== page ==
May 13, 2020
Of course the Hollywood Bowl will be closed this summer.
Think about it: you sit in traffic on Highland Boulevard, glancing from the car’s dashboard clock to your phone’s screen to your watch if you’re wearing one, just in case one of them affords you an extra minute or two, because it’s always more jammed and moving more slowly than you expected.
If you’re like me, a very occasional Bowl attendee, you don’t have a designated parking spot, nor any particular allegiance to a lot. You just want to get as close as you can for as reasonable a price as you can. You always end up spending a little more than you want, but eventually, there’s a lot you pick, and you pull in and the cars are too close and you swear you’ll never get out until the last guy leaves, but whatever, you’re stuck, plus you’ve already handed over the cash.
So you gather the food you brought, and the blankets and sweatshirts you hopefully remembered (because there’s already a bite to the air, and it’s just getting chillier as the sun wraps up its daily arc), and you scurry out into the crowd, which swallows you up.
You’re swallowed up, like Jonah in the whale, only this whale is the swarm of people, walking and shuffling and skedaddling up the sidewalk. You walk one block, two, three, four (the Bowl is always further away than you anticipate), and with each block, the whale grows. By the time you pass through the Bowl’s front gate, if you don’t keep your companions in sight, you’ll lose them in the surge of bodies.
Finally, you land at the escalators, and now you’re going up, all of you, a throng elbow to elbow, practically toe to toe, with one common purpose — to get there. Because even though you’re on the Bowl property, you haven’t arrived. Not quite yet.
Here’s when you arrive: when you get to the entry that corresponds to your seat, and the whale of people spits you out into the amphitheater — the wide, open amphitheater, where there’s a seat for everyone, where your ceiling is the sky, and where the crowd is no longer a swarm or a throng or a whale. It’s no longer any kind of impediment at all. It’s necessary. It’s the hum of the evening, the thrumming energy powering the stage. And you melt into it, becoming both you, and not you, listening, maybe cheering, maybe singing, maybe turning to the person next to you, who you’ve never met before in your life and you’ll never see again, and saying, “Isn’t this amazing?”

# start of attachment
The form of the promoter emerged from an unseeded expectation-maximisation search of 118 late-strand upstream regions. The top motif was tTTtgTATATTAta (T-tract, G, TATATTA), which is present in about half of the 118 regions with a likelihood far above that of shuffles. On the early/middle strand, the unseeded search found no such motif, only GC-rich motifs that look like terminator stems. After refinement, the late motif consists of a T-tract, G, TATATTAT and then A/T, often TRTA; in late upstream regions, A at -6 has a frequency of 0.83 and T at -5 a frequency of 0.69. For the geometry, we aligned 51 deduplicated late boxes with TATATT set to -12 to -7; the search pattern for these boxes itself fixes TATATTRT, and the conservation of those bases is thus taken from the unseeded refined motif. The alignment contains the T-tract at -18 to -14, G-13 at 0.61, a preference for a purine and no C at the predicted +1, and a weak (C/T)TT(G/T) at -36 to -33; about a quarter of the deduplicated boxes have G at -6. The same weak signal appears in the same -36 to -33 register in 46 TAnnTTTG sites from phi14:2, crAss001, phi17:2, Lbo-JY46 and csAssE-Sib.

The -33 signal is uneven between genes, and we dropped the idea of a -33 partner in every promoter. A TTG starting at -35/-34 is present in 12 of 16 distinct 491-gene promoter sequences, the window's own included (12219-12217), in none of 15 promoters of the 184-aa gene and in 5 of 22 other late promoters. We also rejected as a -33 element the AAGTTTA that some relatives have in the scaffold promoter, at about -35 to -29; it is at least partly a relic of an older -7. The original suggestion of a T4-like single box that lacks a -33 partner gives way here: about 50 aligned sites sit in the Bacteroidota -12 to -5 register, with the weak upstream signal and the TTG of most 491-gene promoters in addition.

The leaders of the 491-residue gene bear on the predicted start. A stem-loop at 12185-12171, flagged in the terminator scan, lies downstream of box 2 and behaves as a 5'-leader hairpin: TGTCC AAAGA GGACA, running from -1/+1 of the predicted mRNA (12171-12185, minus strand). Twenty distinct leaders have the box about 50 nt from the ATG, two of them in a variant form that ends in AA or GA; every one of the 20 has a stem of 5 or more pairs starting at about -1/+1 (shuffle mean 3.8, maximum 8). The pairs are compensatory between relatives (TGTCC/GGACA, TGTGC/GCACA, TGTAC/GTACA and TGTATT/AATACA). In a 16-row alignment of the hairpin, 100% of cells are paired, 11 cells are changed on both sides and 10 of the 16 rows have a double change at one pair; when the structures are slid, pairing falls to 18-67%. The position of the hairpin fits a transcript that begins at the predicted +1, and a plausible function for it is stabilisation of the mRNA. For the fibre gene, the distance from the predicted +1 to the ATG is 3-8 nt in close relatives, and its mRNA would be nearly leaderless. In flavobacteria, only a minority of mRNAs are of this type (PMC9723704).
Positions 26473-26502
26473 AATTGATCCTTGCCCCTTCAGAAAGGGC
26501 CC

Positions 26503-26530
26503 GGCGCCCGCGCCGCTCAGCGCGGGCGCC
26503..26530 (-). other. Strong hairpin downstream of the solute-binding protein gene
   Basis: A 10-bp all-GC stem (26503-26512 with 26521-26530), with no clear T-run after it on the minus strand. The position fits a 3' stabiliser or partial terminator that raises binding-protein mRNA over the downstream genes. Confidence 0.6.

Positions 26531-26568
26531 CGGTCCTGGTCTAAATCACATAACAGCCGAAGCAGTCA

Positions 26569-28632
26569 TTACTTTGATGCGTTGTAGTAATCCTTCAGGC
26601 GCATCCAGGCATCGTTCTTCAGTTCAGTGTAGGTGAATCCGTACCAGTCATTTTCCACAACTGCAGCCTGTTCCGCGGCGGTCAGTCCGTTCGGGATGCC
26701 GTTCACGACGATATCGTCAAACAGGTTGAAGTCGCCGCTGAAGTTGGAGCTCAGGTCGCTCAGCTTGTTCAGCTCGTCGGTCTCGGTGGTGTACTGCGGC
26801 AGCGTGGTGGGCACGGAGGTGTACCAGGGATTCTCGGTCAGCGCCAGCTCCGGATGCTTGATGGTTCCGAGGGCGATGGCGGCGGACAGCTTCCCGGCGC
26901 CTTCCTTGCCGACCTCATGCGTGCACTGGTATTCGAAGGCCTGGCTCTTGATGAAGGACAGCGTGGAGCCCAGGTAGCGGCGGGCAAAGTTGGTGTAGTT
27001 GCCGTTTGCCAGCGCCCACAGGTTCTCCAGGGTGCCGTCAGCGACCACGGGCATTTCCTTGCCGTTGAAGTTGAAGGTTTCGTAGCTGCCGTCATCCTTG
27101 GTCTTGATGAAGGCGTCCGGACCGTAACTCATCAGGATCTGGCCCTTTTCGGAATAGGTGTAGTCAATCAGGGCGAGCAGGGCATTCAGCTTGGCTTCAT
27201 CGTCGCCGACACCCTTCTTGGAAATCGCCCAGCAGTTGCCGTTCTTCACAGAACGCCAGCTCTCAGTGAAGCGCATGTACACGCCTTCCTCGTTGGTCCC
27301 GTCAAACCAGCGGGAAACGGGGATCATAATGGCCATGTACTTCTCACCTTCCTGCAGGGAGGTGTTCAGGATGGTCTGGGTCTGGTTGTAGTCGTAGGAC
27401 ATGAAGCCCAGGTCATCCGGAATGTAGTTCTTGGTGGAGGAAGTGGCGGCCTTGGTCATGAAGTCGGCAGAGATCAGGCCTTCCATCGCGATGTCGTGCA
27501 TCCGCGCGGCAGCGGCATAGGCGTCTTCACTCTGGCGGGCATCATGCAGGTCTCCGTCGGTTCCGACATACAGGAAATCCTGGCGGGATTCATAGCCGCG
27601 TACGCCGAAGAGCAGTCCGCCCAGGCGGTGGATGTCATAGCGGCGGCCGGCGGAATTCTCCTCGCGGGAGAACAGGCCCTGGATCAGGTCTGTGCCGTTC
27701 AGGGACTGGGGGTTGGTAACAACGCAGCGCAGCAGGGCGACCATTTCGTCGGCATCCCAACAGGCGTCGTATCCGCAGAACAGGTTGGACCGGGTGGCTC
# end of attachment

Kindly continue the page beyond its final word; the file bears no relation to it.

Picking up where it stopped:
You may have tears in your eyes. They may have tears in theirs. And they’ll nod, because you’re all in the thing together for some more minutes, maybe a few more, hopefully a lot.
And behind the stage there’s the mountains. Above it, eventually, there are stars and a moon. And you think, this is the best of L.A.
See, there’s just no way. This isn’t a time of shuffling whales or melting consciousnesses or turning sideways to chat with strangers.
Talk about a super-spreader event.
I’m embarrassed to admit that many summers I haven’t made it to the Bowl at all. I have my excuses, none of them good enough. Not when you can buy nosebleed seats to some performances for less than $20 a ticket. But I always knew it was there. I always sat with the purple brochure that landed in my mailbox each spring and thought, “How about this one? And this one? And this one? Definitely, at the very least, the Sound of Music sing-along.”
Now, I can’t even do that.
It’s been a startling spring. An alarming, head-spinning, heart-palpitating spring. But I fear it will be a dull summer. The sun will be out and the colors will pop, but our lives may feel muted. So much that makes summer thrilling, from venues like the Bowl to sunbathing on the beach to road trips and jet planes and staying somewhere that isn’t our homes, simply won’t happen.
The Bowl is furloughing a quarter of its staff and all of the Hollywood Bowl Orchestra. It’s also laying off all seasonal employees. If you love the Bowl, please consider donating what you can.